On Monday, the nation was poised and ready to hear whether the Supreme Court of the United States would strike down the Defense of Marriage Act and California’s Proposition 8. The ruling could be a landmark win for the gay rights movement, putting the national marriage debate to rest for good. But marriage equality proponents will have to keep on waiting as SCOTUS declined to rule on the high profiled cases on Monday. The decisions are expected to be handed down as early as Thursday, and for gays and straights alike, the anticipation is bubbling.
LGBT and equality organizations are uniformly hopefully optimistic, but no one is calling an all-out win for gay rights. The general consensus seems to be that we’ll get something, but maybe not everything.
"We’re trying to stay away from reading into what the court will do," said Emily Hecht-McGowan, Director of Public Policy for the Family Equality Council. "It isn’t helpful to anyone. But we are hopefully optimistic that the court will strike down DOMA and at a minimum we are hopeful the Court will strike down Prop 8."
Janson Wu, Staff Attorney for Gay and Lesbian Advocates and Defenders echoed this sentiment.
"It’s always hard to predict," said Wu. "Last term’s decision on the Affordable Care Act surprised everyone, so there’s really no telling."
In a perfect world LGBT rights would be the same as those of heterosexuals. In a perfect world, the Supreme Court would say so this Thursday, proclaiming that all marriage is marriage and that DOMA, Prop 8, or any similar law or amendment around the country is unconstitutional. But this is far from a perfect world. Besides the obvious (and seemingly unlikely) options that the Supreme Court could take, either striking down both DOMA and Prop 8 or conversely endorsing both, there are several more subtle avenues that the justices could choose.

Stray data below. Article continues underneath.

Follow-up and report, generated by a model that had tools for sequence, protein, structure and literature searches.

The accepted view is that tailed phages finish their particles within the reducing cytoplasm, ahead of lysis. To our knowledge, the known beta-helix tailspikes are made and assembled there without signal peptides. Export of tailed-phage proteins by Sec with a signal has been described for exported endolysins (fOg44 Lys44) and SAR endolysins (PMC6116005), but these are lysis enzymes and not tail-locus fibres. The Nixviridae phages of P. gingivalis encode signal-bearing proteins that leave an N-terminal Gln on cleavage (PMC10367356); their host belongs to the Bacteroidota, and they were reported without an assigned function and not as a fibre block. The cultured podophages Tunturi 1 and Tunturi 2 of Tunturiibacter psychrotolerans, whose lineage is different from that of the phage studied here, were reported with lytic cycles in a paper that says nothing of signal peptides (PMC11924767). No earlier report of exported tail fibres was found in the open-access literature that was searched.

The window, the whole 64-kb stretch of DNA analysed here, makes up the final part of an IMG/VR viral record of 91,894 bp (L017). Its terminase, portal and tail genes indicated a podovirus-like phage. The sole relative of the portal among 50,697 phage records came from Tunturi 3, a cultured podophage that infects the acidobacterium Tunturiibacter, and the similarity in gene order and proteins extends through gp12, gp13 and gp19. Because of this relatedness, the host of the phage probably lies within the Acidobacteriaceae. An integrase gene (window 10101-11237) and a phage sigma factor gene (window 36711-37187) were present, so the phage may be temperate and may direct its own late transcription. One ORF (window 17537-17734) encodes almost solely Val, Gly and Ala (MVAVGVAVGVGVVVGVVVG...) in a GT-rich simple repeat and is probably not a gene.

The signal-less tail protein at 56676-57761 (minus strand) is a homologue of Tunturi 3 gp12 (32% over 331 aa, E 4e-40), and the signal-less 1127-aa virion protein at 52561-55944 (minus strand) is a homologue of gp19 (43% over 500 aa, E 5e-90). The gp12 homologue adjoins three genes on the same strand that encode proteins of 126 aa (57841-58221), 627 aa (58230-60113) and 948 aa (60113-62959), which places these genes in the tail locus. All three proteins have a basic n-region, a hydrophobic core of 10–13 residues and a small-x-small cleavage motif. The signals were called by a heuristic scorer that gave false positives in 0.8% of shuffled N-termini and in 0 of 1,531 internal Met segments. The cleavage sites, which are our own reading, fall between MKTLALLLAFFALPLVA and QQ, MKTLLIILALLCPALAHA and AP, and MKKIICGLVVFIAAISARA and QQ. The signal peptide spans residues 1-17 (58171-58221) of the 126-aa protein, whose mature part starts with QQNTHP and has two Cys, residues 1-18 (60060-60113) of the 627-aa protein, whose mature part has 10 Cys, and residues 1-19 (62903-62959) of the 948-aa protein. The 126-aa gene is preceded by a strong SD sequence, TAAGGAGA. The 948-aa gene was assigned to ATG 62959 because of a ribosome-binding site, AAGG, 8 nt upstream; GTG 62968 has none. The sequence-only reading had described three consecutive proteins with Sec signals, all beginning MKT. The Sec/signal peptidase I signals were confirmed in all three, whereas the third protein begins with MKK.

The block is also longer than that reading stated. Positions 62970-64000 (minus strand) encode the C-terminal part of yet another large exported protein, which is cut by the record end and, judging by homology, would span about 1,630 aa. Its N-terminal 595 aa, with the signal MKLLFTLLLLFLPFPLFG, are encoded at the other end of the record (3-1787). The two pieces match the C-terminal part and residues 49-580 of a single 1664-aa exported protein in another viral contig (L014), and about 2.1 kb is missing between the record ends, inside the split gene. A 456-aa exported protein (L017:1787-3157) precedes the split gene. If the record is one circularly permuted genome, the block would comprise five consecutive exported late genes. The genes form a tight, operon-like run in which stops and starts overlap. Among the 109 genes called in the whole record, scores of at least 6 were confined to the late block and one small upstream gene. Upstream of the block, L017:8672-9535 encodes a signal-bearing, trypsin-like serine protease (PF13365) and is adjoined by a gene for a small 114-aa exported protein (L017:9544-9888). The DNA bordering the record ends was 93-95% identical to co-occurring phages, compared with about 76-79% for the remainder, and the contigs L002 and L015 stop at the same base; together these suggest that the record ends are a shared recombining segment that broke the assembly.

Wu asserts that both cases present very straightforward cases of equal protection, but first we’ll have to see if the court rules on the merits at all.
Proposition 8, the constitutional amendment in California law that defines marriage as between one man and one woman, was already struck down in lower court by U.S. District Judge Vaughn Walker, who determined that it violated the equal protection clause. As the state of California declined to defend Prop 8, the creators of the bill, a group called Protectmarriage.com, are the ones arguing on the law’s behalf. This is uncommon, and as heard in the SCOTUS transcripts, when Justice Kagan asked: "Could the state assign to any citizen the rights to defend a judgment of this kind?", not something that everyone is comfortable with.
DOMA has similar standing questions, which could prevent the justices from getting to the point. President Barack Obama famously made his declaration in support of marriage equality last year and subsequently instructed the Department of Justice not to defend DOMA. As such, a group of House members has stepped in to defend the 1996 measure in place of the executive. Whether they have legal standing to do so, and whether the executive’s decision to continue to enforce the law it so assuredly claimed to be unconstitutional, were questions of much debate during the proceedings in March.
Another issue of DOMA the SCOTUS must debate is whether the federal government even has the right to regulate marriage, since unions have traditionally been determined by states. This one is tricky: should SCOTUS decide to strike down DOMA on the grounds that the power to grant, deny and recognize marriage is one held sovereignly by each of the states, then not only would there be no declaration of violation of the measure’s Equal Protection Clause, but it would also leave more room for Proposition 8 to be validated. If the merits of each case are not addressed, they could prove to be a hindrance to one another, each issue’s rationale cancelling out the other’s.